Over 20 years of experience working with leaders and managers of small, medium, and large-scale organisations, share your findings with us.

That’s a great question. Let’s start with what both employers and employees want, no matter how big or small the company is. Employers aim to make money by increasing revenue and cutting costs, and employees want to work for leaders who appreciate their skills and help them grow. Looking at organisations from a leadership perspective, you can break it down into strategy, execution, and culture. From my observations and experience, not many leaders and companies excel in all three areas. Many times, leaders overlook the importance of company culture. As Peter Drucker said, “Strategy eats culture for breakfast.” Regardless of the company’s size, the best leaders I’ve come across are purpose-driven. They have a clear vision, are courageous, and create an atmosphere where their team can flourish. They cultivate membership rather than followership.

Who is a transformational leader?

Transformational leaders are genuine, purpose-driven, and guided by their core values. They recognise that transformation is first an internal job that manifests externally. They deliver results in the present and shape the future by inspiring their organisations and customers to embrace change enthusiastically.

Research indicates that more than 70% of transformations end in failure. The authors of ‘The Founder’s Mentality’ point out that, surprisingly, it is not a result of problems with strategy, technology, or marketing, but rather people issues. This underscores the importance of transformational leaders excelling in the technical aspects of their jobs and understanding and leading people.

An exemplary transformational leader I admire is Howard Schultz, the former CEO and Chairman of Starbucks. He famously stated that Starbucks is a people business serving coffee, not a coffee business serving people. This mindset shift is profound and demonstrates the transformative power of embracing a people-first approach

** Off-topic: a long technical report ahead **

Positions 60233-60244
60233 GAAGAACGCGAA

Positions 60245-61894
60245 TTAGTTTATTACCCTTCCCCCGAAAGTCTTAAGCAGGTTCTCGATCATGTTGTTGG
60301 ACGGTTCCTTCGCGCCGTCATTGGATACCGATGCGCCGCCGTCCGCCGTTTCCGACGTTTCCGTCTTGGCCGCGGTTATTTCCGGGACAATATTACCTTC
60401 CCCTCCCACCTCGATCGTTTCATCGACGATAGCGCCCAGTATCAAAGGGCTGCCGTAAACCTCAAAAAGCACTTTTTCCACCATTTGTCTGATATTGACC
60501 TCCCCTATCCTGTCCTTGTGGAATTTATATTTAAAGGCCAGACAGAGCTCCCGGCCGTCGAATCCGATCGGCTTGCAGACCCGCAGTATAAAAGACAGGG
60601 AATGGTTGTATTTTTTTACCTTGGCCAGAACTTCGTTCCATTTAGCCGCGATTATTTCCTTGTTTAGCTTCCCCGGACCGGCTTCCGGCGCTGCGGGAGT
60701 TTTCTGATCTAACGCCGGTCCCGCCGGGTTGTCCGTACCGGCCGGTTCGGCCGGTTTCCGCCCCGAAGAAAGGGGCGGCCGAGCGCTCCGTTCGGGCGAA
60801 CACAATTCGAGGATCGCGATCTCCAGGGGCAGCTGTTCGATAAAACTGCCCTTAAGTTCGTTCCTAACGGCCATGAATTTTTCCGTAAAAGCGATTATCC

How does transformational leadership differ from other types of leadership?

In contrast to more traditional approaches, transformational leadership’s primary goal is to inspire and motivate subordinates and stakeholders to perform at a higher level. Transformational leadership focuses on inspiring followers/teams with a compelling vision and ideals, as opposed to transactional leadership, which is more concerned with exchange and negotiation. Ultimately, this style drives organisational change and progress by fostering trust, encouraging creativity, and empowering individuals to attain their greatest potential.

How can a leader develop transformational leadership skills?

A leader’s vision and personal development can limit an organisation’s growth. That’s why it’s essential for leaders to be fully committed to investing in their growth. If leaders don’t grow, it hampers the organisation’s growth too. In today’s fast-changing world, adaptability is key. Leaders must evolve with the changes to stay relevant. They shouldn’t aim to be the smartest person in the room but rather act as facilitators, not dictators.

In Nigeria, we have a strong cultural value of respecting elders, which is great. However, we must ensure this ‘respectful culture’ doesn’t overshadow the best ideas. While age brings experience and wisdom, it doesn’t always have all the answers. We should prepare and empower the younger generation for leadership roles while providing them with mentorship from those with more experience.